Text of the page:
performance of Public Sector Banks
  • Politicisation of Bank Boards happened with government placing it’s favourites in the Board of Directors irrespective of their knowledge and talent. This reduced the professionalism in the banks.
  • Due to above reasons, RBI feared that banks can collapse. Hence, it mandated high Cash Reserve Ratio (CRR)  , reducing the funds at the disposal of bank for loan purposes.
  • Large staff was hired in banks , even more than what was required, to create government jobs. This led to unionization of staff and inefficient customer services. Frequent hartals of bank employees were observed in the period after nationalization.
NO OF BANK EMPLOYEES

Side Topic : Number of Public Sector Banks Today

  • Public Sector Banks = 13 ( on July 2020 including Post Payment Bank).

Old Private Banks

  • All the Big Private Banks were nationalised.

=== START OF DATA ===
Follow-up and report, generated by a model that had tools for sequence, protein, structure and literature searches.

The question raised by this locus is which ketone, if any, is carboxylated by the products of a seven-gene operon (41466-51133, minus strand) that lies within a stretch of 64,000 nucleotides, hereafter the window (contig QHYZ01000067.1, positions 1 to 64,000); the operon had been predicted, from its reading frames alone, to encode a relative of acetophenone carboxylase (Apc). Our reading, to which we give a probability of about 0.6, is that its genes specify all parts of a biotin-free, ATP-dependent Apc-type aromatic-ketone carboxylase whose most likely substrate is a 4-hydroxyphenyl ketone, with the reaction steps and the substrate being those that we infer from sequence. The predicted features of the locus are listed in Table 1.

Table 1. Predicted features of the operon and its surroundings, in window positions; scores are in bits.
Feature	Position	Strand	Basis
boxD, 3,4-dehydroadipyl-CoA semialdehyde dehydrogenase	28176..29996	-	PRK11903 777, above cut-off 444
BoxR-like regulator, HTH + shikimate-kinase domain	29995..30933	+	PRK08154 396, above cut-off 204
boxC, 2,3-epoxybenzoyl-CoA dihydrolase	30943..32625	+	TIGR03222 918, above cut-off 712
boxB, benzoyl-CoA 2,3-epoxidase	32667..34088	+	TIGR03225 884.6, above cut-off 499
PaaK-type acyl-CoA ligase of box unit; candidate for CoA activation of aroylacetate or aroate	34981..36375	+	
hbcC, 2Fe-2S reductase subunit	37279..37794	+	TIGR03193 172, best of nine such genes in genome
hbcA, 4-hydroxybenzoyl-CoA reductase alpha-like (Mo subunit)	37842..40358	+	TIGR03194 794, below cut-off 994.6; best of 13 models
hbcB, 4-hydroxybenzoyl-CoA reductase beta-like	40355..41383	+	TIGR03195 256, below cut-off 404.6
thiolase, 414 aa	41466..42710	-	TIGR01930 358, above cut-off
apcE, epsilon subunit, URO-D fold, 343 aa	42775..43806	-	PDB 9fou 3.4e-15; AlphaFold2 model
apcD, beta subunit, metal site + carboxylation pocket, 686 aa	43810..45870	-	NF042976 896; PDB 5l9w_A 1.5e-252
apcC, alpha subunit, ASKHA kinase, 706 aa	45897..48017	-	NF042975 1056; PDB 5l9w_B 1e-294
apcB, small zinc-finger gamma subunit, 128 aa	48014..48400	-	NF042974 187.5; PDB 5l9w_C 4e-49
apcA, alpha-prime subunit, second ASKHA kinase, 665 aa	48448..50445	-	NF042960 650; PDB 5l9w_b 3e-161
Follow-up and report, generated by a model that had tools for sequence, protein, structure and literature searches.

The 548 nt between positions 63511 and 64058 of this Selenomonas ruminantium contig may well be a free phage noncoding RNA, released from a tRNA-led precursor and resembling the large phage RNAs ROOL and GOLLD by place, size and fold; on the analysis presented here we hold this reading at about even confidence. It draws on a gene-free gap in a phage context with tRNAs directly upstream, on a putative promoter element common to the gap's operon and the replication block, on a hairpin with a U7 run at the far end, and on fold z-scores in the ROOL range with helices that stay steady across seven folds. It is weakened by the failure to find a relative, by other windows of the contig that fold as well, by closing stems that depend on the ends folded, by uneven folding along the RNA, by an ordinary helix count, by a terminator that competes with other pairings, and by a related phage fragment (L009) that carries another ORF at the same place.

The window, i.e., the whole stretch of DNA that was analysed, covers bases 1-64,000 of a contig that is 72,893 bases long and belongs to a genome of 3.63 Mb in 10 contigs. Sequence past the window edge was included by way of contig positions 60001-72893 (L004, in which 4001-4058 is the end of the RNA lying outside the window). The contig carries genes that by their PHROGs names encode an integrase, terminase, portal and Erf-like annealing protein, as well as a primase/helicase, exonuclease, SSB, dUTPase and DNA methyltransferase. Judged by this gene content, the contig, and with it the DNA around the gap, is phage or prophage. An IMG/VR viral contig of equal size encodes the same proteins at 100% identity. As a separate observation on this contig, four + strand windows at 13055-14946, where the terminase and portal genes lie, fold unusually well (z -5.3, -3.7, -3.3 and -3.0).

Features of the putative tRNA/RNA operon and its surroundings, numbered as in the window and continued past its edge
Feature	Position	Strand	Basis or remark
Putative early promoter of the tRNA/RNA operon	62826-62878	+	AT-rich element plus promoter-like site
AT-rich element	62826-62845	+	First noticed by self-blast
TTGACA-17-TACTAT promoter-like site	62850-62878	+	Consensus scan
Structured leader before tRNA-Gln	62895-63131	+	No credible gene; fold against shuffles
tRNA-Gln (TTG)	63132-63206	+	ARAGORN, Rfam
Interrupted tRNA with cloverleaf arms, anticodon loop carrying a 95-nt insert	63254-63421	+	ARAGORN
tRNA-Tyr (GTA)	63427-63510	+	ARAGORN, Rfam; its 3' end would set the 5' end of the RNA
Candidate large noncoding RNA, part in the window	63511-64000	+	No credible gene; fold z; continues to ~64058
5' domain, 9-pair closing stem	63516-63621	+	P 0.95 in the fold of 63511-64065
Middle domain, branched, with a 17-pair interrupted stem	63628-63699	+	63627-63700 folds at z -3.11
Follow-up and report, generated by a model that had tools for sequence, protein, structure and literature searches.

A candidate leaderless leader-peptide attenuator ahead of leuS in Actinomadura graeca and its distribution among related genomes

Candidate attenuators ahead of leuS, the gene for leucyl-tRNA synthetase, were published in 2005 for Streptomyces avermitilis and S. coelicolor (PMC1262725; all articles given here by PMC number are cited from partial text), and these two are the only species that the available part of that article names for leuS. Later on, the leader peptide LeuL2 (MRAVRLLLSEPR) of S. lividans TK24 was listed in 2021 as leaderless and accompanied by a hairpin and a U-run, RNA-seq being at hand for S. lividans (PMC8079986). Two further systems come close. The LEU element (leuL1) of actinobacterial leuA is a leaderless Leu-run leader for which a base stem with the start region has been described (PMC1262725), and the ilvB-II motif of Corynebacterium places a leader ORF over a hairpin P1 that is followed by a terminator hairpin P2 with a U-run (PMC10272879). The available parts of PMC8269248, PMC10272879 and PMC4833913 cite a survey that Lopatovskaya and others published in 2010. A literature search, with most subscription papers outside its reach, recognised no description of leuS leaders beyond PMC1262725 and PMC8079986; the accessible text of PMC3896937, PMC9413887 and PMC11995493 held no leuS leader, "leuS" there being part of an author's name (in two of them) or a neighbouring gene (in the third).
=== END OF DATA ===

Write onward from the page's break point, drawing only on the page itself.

• But there were Small Private Banks whose deposits were less than limits and they were not nationalised.
  • These Banks are now called Old Private Banks .
  • There are 12 such banks in India .
  • These are Scheduled Banks and have to maintain Cash Reserve Ratio & Statutory Liquidity Ratio .
  • Examples : Catholic Syrian Bank, Dhanlaxmi Bank, Federal Bank, Jammu and Kashmir Bank etc. .

Narsimham Committee and (Rise of ) New Private Sector Banks

After the 1980 nationalization, Public Sector Banks had a 91% share in the national banking market which has reduced to 70% in recent times. Reduced stake has been absorbed by New Private Banks (NPBs) which came up in early 1990s after liberalization. This brings us to the topic of New Private Banks .

Share of different banks in India

Private Sector Banks